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Cross-adaptation of a model human stress-related odour with fragrance chemicals and ethyl esters of axillary odorants: gender-specific effects
Version of Record online: 7 APR 2009
Copyright © 2009 John Wiley & Sons, Ltd.
Flavour and Fragrance Journal
Volume 24, Issue 5, pages 209–218, September/October 2009
How to Cite
Wysocki, C. J., Louie, J., Leyden, J. J., Blank, D., Gill, M., Smith, L., McDermott, K. and Preti, G. (2009), Cross-adaptation of a model human stress-related odour with fragrance chemicals and ethyl esters of axillary odorants: gender-specific effects. Flavour Fragr. J., 24: 209–218. doi: 10.1002/ffj.1927
- Issue online: 16 AUG 2009
- Version of Record online: 7 APR 2009
- Manuscript Accepted: 23 FEB 2009
- Manuscript Revised: 22 DEC 2008
- Manuscript Received: 28 JUL 2008
- Haarmann and Reimer (now Symrise), USA
- axillary odour;
- fragrance chemicals;
- gender differences;
- odour perception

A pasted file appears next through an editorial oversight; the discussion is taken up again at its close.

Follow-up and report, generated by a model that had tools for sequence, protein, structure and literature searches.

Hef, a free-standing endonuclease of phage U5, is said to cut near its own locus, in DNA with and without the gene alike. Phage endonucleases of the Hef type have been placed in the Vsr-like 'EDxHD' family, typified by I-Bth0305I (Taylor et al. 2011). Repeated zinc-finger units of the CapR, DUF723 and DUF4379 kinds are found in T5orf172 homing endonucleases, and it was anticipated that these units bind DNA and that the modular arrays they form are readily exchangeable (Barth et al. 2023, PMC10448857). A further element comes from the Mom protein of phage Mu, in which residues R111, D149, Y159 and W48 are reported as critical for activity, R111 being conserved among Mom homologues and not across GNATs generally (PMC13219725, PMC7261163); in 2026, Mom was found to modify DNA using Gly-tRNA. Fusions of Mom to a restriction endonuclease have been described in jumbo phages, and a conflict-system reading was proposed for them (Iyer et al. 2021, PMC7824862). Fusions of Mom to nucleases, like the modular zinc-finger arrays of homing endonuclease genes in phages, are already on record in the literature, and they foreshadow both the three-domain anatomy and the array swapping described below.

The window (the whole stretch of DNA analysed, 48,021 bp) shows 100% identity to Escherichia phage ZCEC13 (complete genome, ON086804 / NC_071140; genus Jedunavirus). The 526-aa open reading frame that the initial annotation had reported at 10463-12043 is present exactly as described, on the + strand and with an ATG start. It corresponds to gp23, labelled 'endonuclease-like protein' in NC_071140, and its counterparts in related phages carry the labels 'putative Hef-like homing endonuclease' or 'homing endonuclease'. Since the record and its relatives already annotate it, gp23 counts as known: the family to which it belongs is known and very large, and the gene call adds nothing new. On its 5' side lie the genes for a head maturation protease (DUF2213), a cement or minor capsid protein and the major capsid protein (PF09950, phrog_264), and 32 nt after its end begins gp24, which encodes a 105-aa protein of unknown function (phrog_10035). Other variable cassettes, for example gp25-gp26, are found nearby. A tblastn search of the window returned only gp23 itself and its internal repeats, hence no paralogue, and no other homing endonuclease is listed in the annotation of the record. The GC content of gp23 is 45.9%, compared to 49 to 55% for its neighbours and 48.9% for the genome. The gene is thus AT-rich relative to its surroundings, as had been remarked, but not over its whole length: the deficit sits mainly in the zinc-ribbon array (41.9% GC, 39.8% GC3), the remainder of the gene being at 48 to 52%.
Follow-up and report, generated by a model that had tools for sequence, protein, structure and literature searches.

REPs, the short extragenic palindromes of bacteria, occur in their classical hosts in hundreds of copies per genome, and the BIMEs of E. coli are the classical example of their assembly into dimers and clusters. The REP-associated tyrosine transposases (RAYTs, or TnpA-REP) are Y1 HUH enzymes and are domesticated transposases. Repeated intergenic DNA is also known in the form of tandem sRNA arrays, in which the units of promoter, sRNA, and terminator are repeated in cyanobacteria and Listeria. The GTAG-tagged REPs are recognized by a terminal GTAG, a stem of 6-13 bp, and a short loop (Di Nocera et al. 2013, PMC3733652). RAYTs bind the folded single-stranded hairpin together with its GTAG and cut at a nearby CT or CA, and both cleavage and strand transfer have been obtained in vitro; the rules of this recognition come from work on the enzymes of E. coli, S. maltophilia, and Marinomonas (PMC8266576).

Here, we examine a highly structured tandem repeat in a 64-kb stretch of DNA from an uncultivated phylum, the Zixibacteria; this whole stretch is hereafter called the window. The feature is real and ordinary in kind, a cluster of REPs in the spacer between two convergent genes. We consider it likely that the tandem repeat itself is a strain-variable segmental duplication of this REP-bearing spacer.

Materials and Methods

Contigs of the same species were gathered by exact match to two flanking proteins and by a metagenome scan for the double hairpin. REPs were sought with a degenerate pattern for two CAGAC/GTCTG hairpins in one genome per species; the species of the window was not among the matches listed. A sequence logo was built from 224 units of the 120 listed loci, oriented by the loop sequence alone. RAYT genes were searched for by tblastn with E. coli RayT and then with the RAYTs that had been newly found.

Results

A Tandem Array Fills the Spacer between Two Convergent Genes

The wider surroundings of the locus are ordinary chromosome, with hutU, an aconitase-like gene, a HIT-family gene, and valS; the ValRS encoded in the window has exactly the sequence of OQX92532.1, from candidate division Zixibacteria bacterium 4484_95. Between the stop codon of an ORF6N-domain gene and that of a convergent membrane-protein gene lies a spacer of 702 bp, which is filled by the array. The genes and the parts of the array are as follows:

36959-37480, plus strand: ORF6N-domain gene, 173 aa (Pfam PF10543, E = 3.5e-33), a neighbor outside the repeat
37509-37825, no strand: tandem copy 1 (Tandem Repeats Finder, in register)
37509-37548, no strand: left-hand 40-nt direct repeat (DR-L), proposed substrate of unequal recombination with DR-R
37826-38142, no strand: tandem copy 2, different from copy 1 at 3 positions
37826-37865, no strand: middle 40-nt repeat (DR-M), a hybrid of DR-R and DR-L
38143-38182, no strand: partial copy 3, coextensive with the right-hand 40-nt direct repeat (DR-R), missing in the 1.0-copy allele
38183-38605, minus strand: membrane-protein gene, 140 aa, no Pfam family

The human axillae have a characteristic odour that is comprised of or generated from a mixture of C6–C11 normal, branched, hydroxy- and unsaturated acids (and other compounds). We used ethyl esters of one of these acids and a palette of fragrance compounds (tested individually) to evaluate the effectiveness of these chemicals to reduce the overall olfactory impact of a model of human stress-related odour (SRO) by cross-adaptation (adaptation to one odorant can reduce sensitivity to other odorants). Sensory volunteers provided hedonic and intensity ratings of the SRO and of each of the potential cross-adapting agents prior to 2.5 min of induced olfactory adaptation to each agent. Across adaptation, possible cross-adaptation was evaluated by intermittent evaluations of the perceived intensity of the SRO. We determined that some potential cross-adapting agents did reduce the impact of the SRO; however, the same chemicals were not necessarily effective for male and female SRO. Indeed, the list of effective chemicals depended upon the gender of the donor of the SRO and the gender of the sensory volunteer, suggesting a gender-specific response to both the SRO-stimuli used and the fragrance chemicals used to cross-adapt it. Copyright © 2009 John Wiley & Sons, Ltd.